ambulance and two Dare County Emergency Medical Service responders were
also stationed just outside the lighthouse in case assistance was
needed. A light breeze brought relief to the crowd, but with
temperatures hovering around 80 degrees, the breeze was little
consolation for the firefighters who were in full gear – many with
heavy breathing equipment on their backs.
wearing of the uniform is also a deliberate and significant part of the
event, as it recognizes the first responders of 9/11 who also made
their way up the stairs of the World Trade Tower in full, heavy gear.
will definitely be a difficult climb, but by looking around and talking
to these firefighters, there will be no problem. They’re up to the
challenge,” noted Hallac.
multiple Hatteras Island fire stations were in attendance for the
climb, a number of off-island stations participated as well, including
fire departments from the towns of Kill Devil Hills, Duck and Southern
Strother of the Southern Shores VFD stated that participation in the
event was an honor for firefighters across Dare County. “It’s important
for everybody to remember what happened, and not forget the
firefighters that were lost.”
first waves of firefighters to complete the climb walked out of the
lighthouse at 9 a.m., and were greeted with applause and cheers from
the crowd. Bottled water and Gatorade was provided and gratefully
accepted, and the climbers waited in the shade for their fellow
personnel to descend.
last person to complete the climb was retired Buxton VFD member Ray
Gray, who is recovering from a severe brain injury. He came down at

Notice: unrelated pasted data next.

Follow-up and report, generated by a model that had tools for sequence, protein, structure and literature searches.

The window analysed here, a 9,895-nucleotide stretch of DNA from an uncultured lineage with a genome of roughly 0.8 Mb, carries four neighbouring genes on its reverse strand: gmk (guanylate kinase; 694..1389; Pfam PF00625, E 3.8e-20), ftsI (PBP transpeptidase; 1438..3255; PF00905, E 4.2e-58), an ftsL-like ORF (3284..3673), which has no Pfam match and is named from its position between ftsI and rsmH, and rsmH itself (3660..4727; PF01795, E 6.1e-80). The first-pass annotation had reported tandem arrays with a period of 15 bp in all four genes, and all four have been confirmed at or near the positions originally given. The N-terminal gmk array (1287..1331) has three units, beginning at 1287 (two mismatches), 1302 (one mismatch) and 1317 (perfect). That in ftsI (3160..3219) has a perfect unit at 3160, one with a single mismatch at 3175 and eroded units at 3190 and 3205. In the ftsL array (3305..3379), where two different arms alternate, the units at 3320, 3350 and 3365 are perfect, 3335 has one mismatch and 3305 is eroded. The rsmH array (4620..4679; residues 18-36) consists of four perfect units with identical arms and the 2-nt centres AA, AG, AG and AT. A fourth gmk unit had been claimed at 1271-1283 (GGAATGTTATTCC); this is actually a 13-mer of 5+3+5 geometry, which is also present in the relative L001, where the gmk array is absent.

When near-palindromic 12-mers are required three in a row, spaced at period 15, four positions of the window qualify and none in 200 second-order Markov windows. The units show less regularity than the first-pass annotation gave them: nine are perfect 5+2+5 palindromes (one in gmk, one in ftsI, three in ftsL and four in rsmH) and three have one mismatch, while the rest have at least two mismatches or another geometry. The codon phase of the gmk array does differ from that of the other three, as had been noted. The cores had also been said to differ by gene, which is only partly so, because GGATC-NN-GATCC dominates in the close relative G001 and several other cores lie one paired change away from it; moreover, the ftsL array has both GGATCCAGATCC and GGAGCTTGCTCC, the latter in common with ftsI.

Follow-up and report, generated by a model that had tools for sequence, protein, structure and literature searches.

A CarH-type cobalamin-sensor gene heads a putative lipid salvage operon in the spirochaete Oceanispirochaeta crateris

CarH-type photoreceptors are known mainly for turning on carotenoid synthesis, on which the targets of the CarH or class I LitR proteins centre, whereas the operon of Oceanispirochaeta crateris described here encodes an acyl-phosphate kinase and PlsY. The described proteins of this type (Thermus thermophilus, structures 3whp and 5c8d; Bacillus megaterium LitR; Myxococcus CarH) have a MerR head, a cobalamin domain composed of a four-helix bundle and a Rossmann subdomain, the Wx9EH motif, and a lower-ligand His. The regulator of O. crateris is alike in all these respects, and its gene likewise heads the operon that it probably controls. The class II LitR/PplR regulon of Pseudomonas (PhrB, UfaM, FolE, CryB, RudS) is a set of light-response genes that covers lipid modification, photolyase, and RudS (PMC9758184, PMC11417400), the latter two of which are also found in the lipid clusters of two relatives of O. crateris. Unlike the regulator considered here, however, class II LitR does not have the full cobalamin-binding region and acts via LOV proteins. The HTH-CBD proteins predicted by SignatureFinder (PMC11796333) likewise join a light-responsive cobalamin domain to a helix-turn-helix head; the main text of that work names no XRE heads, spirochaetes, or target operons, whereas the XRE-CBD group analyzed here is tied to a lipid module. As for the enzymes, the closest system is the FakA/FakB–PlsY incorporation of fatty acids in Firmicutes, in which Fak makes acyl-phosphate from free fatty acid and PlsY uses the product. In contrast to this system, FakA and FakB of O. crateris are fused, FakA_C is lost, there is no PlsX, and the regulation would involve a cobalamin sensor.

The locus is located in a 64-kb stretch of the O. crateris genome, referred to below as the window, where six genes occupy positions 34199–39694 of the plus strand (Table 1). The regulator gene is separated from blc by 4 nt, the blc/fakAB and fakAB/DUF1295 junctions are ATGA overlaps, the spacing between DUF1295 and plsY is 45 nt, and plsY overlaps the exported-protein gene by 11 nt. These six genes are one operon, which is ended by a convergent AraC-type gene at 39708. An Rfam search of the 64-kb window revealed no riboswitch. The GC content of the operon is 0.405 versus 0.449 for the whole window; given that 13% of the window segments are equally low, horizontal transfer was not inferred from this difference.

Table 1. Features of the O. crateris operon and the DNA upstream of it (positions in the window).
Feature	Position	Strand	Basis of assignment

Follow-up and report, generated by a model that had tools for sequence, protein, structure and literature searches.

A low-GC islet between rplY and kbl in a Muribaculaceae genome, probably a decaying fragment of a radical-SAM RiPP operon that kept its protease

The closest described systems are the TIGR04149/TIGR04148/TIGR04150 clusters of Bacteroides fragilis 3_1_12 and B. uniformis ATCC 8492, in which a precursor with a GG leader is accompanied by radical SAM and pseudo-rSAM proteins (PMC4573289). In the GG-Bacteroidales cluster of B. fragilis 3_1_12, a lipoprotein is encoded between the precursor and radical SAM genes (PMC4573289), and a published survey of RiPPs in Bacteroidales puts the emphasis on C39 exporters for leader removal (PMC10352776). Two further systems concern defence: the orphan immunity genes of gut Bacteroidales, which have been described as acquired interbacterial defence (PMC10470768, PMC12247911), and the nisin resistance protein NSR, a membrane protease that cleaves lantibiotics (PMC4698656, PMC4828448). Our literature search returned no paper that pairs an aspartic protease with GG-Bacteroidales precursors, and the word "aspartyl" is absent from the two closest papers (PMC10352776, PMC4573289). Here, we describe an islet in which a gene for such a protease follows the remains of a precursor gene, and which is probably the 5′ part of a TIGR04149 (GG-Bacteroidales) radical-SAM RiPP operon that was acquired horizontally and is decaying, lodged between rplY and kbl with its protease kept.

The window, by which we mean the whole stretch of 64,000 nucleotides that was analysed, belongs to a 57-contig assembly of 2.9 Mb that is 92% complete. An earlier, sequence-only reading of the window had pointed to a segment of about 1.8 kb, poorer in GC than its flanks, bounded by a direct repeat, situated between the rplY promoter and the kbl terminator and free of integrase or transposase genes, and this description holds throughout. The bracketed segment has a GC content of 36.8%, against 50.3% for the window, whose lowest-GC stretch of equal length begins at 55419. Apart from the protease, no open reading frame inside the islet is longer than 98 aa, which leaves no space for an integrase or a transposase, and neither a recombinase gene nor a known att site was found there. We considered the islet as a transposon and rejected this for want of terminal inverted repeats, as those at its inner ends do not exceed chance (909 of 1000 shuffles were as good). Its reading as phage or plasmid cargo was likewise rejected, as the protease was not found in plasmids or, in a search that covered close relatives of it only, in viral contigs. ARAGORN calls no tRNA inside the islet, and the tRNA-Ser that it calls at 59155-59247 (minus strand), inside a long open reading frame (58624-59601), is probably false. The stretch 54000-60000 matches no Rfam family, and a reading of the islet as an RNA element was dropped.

9:33 a.m. and was greeted by a loud round of applause by his fellow
firefighters and the waiting spectators.
the climb, organizer Jeffrey Del Monte addressed the crowd before
asking for a moment of silence to honor the fallen heroes of 9/11.
“We are dedicated to ‘never forgetting,’ every year,” he said. "And we hope the rest of America is too.”
and Regan, who retired from the Fairfax County Fire and Rescue
Department in 2011 after 34 years as a firefighter, also addressed the
crowd and firefighters in attendance.
bravest thing [the heroes of that day] ever did was put that uniform
on,” said Regan, noting that the participants were wearing the uniform
crowd dwindled after the event, with firefighters still in uniform
joining their families – many with VFD or colorful fire truck shirts
on, depending on their age – and making their way home.
after noon, the Cape Hatteras Baptist Church in Frisco sponsored a
buffet lunch -- with food donated by local restaurants -- for all first
just as it has every year, the annual remembrance of 9/11 left its
impression on the crowd, and garnered an appreciation across the board
for the local men and women who continue to “put on their uniform” and
make a point to remember the day.
been [a firefighter] for 34 years, and it was an honor to be with the
guys who are doing it today,” said Regan after the event. “…Ray Gray
was a great inspiration today – and so was everyone who waited for the
last man down… I hope they continue this for years to come.”